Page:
A new high: DeepMind burned $650 million a year, but Google waved to forgive $1.5 billion in debt

A new high: DeepMind burned $650 million a year, but Google waved to forgive $1.5 billion in debt

649 million, DeepMind’s loss last year reached a new high, even more than Google spent to buy it. But unlike the fate of Boston Dynamics, which has been repeatedly resold, Google’s attitude towards it is: give as much as you want.

Founded in 2010 by Demis Hassabis, Mustafa Suleyman and Shane Legg, DeepMind was acquired by Google for $600 million in 2014. The company is known to the community for its extensive research results, such as AlphaGo, which beat the world champion Go, AlphaFold 2, which predicted protein structures, and more.

  A new high: DeepMind burned $650 million a year, but Google waved to forgive $1.5 billion in debt

DeepMind began to be widely known as AlphaGo, which defeated the strongest human beings in the field of Go. In May 2017, Ke Jie, the world’s No. 1 player at the time, lost 0 to 3 in the man-machine battle.

However, DeepMind is also remembered for “burning money”.

A recent filing with the UK Companies Registry showed that DeepMind lost $649 million in 2019, a 1.5% increase from its 2018 loss. The bulk of this was for “personnel and other related expenses”, which totaled £468 million ($634 million), up from £398 million ($540 million) in 2018.

Currently, DeepMind has about 1,000 employees worldwide, including the world’s top AI research scientists, whose annual salary may exceed $1 million. DeepMind’s top talent typically holds doctorates from schools such as Oxford, Cambridge, Stanford or MIT, and is sought after by tech giants such as Facebook, Apple, Amazon and Microsoft.

A DeepMind spokesperson said: “During the time covered by these fees, DeepMind’s groundbreaking results have laid the groundwork for solving the grand challenge of 50 years in biology, protein structure prediction. DeepMind is also working with teams at Google to make a real-world impact. We His team is involved in many projects, including improving the predictability of wind power, promoting ecological research in the Serengeti, and more.”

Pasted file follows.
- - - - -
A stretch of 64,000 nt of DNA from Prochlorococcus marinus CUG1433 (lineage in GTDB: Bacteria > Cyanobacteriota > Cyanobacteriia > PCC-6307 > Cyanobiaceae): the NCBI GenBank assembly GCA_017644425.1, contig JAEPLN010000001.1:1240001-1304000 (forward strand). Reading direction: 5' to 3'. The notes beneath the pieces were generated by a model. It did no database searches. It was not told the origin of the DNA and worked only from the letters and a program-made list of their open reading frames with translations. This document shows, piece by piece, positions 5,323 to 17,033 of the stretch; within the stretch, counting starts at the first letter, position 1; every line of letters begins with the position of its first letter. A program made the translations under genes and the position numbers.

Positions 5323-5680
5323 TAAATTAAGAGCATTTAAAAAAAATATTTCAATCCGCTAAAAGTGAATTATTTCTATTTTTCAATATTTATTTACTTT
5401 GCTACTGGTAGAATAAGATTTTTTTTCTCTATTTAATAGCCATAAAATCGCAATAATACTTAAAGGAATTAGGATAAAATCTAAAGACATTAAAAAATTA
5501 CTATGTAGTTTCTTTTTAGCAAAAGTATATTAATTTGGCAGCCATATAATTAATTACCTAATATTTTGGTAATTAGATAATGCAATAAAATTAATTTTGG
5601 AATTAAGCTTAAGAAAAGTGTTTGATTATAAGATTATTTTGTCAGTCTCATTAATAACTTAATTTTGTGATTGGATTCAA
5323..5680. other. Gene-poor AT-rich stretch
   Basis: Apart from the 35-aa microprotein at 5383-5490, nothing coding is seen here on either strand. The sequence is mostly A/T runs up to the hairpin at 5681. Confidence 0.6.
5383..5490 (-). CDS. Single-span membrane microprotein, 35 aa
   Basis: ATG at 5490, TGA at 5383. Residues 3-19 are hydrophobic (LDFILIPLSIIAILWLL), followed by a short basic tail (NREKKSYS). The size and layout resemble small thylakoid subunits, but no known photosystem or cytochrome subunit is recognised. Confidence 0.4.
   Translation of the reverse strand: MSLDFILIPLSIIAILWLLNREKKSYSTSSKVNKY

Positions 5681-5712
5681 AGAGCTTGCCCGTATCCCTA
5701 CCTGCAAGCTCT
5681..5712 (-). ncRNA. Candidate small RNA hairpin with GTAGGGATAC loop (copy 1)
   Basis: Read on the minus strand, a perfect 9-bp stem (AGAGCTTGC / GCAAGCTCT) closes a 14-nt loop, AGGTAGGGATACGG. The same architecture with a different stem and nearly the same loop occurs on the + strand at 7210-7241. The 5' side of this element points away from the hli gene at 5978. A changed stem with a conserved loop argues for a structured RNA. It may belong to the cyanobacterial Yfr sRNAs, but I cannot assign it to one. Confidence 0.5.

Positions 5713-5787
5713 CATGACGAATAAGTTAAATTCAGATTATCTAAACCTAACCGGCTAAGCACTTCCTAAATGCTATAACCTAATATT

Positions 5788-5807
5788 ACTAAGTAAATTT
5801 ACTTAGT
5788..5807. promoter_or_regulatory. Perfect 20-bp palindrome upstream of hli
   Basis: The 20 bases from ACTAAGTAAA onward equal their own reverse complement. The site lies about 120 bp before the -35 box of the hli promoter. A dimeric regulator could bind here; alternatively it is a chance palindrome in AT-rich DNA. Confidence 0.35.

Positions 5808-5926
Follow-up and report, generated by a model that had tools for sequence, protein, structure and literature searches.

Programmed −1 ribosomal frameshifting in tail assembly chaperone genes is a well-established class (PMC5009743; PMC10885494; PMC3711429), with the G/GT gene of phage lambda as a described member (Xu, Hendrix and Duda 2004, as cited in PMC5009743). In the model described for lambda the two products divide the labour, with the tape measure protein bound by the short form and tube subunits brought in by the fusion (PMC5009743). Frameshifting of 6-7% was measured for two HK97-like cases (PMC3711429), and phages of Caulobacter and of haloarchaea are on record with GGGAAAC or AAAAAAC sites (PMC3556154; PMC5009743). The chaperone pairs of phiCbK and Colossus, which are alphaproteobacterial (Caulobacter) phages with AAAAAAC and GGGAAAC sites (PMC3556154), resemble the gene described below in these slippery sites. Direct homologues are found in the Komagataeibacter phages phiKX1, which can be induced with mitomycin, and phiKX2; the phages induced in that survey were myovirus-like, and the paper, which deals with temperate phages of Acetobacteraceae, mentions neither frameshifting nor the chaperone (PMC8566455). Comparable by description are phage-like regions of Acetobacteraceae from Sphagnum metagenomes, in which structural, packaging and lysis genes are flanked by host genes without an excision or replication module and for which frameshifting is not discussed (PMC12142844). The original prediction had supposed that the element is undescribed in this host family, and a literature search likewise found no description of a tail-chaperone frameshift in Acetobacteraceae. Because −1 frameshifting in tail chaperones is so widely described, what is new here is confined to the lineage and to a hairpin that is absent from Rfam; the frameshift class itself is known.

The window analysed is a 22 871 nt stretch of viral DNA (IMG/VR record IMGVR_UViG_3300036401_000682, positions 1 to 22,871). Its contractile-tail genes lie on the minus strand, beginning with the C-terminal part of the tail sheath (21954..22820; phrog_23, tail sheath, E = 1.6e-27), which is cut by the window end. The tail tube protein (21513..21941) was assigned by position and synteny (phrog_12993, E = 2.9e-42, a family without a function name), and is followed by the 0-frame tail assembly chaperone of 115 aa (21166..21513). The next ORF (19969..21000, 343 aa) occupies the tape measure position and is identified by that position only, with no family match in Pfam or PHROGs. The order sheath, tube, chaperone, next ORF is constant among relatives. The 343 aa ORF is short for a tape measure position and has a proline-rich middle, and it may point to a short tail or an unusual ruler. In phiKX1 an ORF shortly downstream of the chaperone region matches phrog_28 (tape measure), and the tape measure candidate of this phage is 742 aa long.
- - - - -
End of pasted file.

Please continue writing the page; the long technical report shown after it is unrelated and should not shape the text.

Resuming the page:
Despite a slight uptick in losses, DeepMind’s 2019 revenue reached £266 million ($360 million), a 158% increase from £103 million ($140 million) in 2018. However, the main source of DeepMind’s revenue is the research and development fees paid to DeepMind by other Alphabet subsidiaries, including Google.

DeepMind was acquired by Google for $600 million in 2014, and currently DeepMind relies on the steady flow of capital from its parent company Alphabet.

In 2019, Google Ireland forgave DeepMind on intercompany loan repayments and all accrued interest totalling £1.1 billion ($1.5 billion), the documents show.

DeepMind is headquartered in the Google building near London’s King’s Cross, but it plans to move to a new location early next year. In 2019, DeepMind spent a total of £1.3 million ($1.76 million) on buildings, furniture, networking and production equipment, the documents show.

Additionally, DeepMind donated £6.3 million ($8.53 million) to academia in 2019, down from £13.5 million ($18.28 million) in 2018.

In terms of risks and uncertainties, the document states: “Machine learning research and applications is an emerging market that is constantly changing and highly competitive. As such DeepMind will continue to face risks and uncertainties, which may increase its gains in the market. The ability to sustain success has a significant impact.”

But despite DeepMind’s year-on-year losses, parent company Alphabet has pledged to continue raising funds for DeepMind.

Alphabet CEO Sundar Pichai said on the company’s second-quarter earnings call: “I’m very pleased with the progress we’ve made in AI. For me, the most important thing is that we have achieved SOTA at the company level, And leading the way. I’m very happy with the pace of work of the engineering and R&D teams at Google and DeepMind.”


In December 2020, DeepMind’s AlphaFold 2 solved a major challenge in biology for 50 years-the problem of protein molecular folding, which shocked the world for a while.

Azeem Azhar, founder of the Exponential Perspective podcast, said: “The question, in my opinion, is why aren’t more companies in other industries supporting core research in exponential technologies like AI, synthetic biology, battery technology, quantum computing. Support can be Direct investments like Google’s can also be corporate ventures, or partnerships with universities, but very few companies (like Volkswagen or Bosch) do that.”

Azeem Azhar also added: “You won’t see a huge social return in five years, maybe 20, 30 years or even longer. For example, the Intel 4004 was released in 1970, but only half of the UK was released in 2001. of households own a computer.”


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